The archbishop of Guam told church investigators to contact those who say they were sexually abused by clergy after learning this week that another former altar boy accused a priest of molesting him decades ago.
Leo B. Tudela, 73, gave emotional testimony about the abuse he says occurred in the mid-1950s during a hearing Monday at the Guam Legislature. He urged senators to support legislation that would lift the statute of limitations for lawsuits against those who sexually abused children. It’s now two years.
It comes after three former altar boys and the mother of another filed a $2 million libel and slander lawsuit against former Archbishop Anthony S. Apuron and the archdiocese, saying they were called liars when they raised allegations that Apuron sexually abused boys in the 1970s.
He has denied the abuse and not been charged with any crime. The Vatican appointed Archbishop Savio Hon Tai-Fai as a temporary administrator after the allegations surfaced.
The legislation introduced by Guam Sen. Frank Aguon would allow people to file civil actions against those they say abused them regardless of when it occurred.
After Tudela’s public testimony, the Catholic Church issued a statement saying Hon directed church investigators to speak with Tudela and others who have raised allegations of sexual abuse.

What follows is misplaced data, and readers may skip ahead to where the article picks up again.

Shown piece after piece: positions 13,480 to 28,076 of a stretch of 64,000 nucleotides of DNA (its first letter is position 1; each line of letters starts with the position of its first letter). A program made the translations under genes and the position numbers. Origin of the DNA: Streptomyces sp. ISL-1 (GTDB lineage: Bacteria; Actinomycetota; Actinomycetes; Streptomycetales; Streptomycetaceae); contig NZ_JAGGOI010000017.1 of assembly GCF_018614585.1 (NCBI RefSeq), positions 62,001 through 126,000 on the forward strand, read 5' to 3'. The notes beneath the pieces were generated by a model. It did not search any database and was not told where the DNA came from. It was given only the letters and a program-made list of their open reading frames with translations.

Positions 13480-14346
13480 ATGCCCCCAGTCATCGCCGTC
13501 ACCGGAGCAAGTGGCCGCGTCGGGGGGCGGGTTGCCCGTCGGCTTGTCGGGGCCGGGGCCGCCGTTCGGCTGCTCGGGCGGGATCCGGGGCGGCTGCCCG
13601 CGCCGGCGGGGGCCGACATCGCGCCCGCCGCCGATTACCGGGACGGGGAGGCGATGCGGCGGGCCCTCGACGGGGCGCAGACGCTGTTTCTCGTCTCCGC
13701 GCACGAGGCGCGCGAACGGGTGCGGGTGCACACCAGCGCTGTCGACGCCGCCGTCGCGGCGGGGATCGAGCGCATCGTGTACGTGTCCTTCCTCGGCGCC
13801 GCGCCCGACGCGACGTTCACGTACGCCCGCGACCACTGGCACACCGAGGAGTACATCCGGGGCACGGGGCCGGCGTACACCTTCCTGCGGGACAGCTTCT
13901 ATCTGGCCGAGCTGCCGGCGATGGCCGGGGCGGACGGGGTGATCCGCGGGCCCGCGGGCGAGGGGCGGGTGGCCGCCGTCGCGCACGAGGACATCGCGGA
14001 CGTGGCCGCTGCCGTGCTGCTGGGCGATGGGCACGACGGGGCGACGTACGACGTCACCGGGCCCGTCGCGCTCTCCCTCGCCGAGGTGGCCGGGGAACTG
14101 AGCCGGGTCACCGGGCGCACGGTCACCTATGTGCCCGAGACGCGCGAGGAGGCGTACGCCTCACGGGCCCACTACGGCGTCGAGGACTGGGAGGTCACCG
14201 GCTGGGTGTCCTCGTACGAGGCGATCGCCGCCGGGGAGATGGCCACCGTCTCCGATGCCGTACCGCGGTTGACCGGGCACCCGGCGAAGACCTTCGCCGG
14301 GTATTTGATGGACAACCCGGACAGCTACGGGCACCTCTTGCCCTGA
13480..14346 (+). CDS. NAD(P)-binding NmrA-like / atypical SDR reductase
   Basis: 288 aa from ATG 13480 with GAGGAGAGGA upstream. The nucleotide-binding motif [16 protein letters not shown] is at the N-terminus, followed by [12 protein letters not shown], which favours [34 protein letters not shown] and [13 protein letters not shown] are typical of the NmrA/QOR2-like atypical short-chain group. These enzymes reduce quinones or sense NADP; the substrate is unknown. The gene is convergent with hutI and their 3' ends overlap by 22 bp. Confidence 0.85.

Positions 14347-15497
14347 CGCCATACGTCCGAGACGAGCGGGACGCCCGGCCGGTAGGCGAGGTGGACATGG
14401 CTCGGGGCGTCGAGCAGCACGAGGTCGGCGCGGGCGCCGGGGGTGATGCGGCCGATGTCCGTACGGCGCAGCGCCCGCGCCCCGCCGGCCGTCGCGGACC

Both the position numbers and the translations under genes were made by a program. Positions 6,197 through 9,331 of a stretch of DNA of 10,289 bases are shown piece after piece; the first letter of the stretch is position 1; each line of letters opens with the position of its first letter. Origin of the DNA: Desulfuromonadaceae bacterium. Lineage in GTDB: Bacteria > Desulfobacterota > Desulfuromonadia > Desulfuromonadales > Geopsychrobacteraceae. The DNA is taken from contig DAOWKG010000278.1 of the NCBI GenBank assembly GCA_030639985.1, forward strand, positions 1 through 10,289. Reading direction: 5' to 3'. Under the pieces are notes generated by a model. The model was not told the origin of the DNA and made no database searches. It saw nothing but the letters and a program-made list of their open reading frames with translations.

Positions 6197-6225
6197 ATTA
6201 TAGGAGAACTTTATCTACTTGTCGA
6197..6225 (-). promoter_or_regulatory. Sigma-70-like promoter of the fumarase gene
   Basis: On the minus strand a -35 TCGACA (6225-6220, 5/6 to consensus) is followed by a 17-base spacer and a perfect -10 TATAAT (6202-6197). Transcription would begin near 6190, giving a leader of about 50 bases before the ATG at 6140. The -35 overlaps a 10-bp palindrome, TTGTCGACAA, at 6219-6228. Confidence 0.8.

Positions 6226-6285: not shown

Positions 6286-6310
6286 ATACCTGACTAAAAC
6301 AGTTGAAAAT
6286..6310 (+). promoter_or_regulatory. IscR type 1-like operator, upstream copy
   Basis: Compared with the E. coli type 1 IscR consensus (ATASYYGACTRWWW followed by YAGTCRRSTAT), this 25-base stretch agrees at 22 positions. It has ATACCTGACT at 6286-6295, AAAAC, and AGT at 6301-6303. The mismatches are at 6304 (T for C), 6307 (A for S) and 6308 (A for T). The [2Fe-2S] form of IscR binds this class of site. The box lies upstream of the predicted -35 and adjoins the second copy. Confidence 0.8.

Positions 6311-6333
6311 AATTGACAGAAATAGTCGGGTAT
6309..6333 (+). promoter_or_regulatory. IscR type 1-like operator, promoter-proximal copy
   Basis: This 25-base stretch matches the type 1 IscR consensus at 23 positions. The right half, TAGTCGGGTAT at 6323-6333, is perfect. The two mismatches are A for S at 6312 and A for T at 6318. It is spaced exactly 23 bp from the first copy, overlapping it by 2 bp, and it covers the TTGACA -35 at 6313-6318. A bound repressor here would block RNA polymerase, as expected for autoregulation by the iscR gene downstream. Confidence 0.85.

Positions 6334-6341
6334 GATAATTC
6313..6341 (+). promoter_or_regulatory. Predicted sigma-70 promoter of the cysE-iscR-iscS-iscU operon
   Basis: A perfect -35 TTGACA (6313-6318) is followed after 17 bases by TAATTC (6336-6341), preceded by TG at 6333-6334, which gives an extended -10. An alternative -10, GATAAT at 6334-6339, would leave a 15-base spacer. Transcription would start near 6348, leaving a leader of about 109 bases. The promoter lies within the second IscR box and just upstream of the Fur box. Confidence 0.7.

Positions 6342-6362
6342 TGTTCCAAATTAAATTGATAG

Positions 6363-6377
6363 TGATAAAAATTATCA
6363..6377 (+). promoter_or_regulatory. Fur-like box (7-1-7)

Hon also has revised the local church’s policies on sexual misconduct and included steps to take when allegations are made against an archbishop.
Tudela, who lives in Hawaii, told lawmakers that his parents sent him from Saipan to a Catholic school in Guam and that he was abused twice.
He said the first time was in 1956 when he was 13. He said he was woken up at the monastery late one night and molested by an unordained man belonging to a religious community.
After reporting it, Tudela was transferred to a rectory in a different village to stay. There, he said a priest who also taught at the Catholic school he attended molested him late one night.
Tudela said in an email to The Associated Press on Friday that he has not heard from church officials and directed further questions to his lawyer.
The Associated Press does not typically name people who say they are victims of sex abuse, but Tudela gave his testimony at a public hearing.
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